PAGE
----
Camden has received new daylight and light impact studies for 156 West End Lane. ‘Hang on’, you’re thinking – didn’t it already have them?
Well, yes. But, no. But, yes. Daylight studies were originally submitted with the planning application last November for the building itself and another set on its impact on neighbouring properties, plus another set in December 2015. After the design was revised slightly in June there was yet another set. These were produced by the imaginatively named ‘Right to Light consultants’ on behalf of John Rowan and partners, advisors to A2Dominion.
The reports concluded that impact on daylighyt of the development was acceptable. However, local campaign group Stop the Blocks pointed out discrepancies in the light studies and the impact on buildings/windows that could affect the ‘right to light’ of neighbouring residents. The group asked Camden to request independent advisors to report and check. Another firm – Anstey Horne was commissioned to review the figures.
Anstey Horne made a few observations, including that the existing site is underdeveloped and has higher light levels than one would expect for an urban site; that the western side matches surrounding developments so its impact should be accepted ‘flexibly’ but this holds less true for the impact of the eastern building. Despite also wondering why there was no 3D study, which would have helped explain the impact, the conclusion was that the impact of the proposed development was acceptable.
People who work in the field say that Anstey Horne has a good reputation and has to provide unbiased and factually correct information – otherwise it would be liable to a lawsuit.
Want to know more about right to light? Read on…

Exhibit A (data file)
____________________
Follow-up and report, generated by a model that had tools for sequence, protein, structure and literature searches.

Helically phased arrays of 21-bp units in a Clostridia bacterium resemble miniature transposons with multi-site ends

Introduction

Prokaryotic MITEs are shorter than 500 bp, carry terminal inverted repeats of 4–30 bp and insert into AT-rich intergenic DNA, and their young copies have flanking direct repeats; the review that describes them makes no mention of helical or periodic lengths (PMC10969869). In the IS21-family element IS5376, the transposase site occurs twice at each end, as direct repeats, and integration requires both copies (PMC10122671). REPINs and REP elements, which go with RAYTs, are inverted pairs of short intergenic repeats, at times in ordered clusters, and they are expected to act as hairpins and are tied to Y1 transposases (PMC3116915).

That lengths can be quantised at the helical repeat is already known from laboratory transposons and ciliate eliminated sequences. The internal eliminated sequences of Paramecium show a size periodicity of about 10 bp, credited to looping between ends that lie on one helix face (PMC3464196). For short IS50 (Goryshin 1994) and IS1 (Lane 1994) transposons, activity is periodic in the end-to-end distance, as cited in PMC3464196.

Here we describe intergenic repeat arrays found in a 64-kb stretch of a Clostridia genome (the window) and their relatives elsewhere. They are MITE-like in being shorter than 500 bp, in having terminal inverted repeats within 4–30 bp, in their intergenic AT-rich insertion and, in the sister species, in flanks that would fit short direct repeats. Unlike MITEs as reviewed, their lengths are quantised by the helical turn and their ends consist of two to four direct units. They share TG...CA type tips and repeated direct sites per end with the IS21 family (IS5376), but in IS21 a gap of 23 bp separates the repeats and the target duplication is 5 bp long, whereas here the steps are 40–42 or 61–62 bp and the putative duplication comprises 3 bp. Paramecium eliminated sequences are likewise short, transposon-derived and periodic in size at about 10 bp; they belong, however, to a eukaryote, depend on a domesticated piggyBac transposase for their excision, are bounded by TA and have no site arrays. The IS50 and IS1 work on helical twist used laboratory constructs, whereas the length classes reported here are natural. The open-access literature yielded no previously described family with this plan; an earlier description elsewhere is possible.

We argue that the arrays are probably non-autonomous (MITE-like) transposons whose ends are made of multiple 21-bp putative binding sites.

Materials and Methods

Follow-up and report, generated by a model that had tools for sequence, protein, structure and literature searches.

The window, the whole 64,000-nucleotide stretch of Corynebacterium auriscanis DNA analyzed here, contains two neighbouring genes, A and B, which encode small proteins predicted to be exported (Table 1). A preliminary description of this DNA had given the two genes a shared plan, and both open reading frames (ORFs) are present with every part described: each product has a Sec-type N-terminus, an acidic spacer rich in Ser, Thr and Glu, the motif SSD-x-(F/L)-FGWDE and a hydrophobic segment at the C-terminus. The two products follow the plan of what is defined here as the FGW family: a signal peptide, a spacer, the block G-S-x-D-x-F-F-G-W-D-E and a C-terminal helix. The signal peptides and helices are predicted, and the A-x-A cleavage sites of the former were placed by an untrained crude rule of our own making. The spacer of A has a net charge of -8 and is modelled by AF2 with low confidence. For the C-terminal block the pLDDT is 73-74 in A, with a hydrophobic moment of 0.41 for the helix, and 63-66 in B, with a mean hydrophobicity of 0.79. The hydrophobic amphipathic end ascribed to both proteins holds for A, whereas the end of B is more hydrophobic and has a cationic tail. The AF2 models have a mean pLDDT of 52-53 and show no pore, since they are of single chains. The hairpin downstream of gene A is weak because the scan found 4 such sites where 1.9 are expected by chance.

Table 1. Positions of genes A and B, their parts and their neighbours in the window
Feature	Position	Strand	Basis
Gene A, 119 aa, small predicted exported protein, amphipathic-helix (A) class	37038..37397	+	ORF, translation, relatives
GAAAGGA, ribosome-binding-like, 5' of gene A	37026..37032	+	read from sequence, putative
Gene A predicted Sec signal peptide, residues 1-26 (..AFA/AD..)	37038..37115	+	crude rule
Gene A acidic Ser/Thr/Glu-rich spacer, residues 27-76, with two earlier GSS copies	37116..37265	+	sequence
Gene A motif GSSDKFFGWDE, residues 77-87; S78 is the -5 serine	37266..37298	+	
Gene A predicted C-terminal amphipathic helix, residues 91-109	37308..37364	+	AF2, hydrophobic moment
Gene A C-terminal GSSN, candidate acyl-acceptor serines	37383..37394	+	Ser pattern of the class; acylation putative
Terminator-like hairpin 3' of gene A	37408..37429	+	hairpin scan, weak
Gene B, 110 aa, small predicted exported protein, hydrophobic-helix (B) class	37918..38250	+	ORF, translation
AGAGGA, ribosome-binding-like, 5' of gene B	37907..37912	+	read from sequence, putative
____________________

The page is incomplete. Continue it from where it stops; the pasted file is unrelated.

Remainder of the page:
In effect, the owner of a building with windows that have had natural daylight for 20 years or more is entitled to object to any building that would deprive him or her of that illumination. To objectively measure any loss of light, developers use two measures from BRE (Buildings Research Establishment) guidelines: the vertical sky component (VSC) and, as a backup, the average daylight factor (ADF).
“If the VSC with the new development in place, is both less than 27% and less than 0.8 times its former value, the occupants of the existing building will notice the reduction in the amount of skylight”.
Likewise, the ADF “should be 5% for a well-lit daylight space but at a minimum 2% for a partly-lit daylight space”.
According to Right to Light, who did the original studies for 156, 93% of the 391 windows studied passed the VSC test. Of the 29 windows that failed, 11 were secondary windows (i.e. there was another window in the same room, so overall there was enough light. Of the 18 windows that were the sole windows to rooms facing the development, it depends what the room is used for as to how critical it is. Bedrooms have lower light requirements than living rooms or kitchens. Having guessed at the use of most rooms, where it was not clear, Right to Light maintains that most of these will meet the ADF requirement.
From a ‘right to light’ perspective, although there will be an impact, “It is therefore considered, that when applying the BRE Guidelines the proposed development will not have a material impact to the light amenity of this property”.
Stop the Blocks also raised concerns about the impact on the MUGA (sports pitch). The reports accept that there would be an impact but “we […] remain of the opinion that the proposed development creates an acceptable level of overshadowing on the adjacent MUGA space”.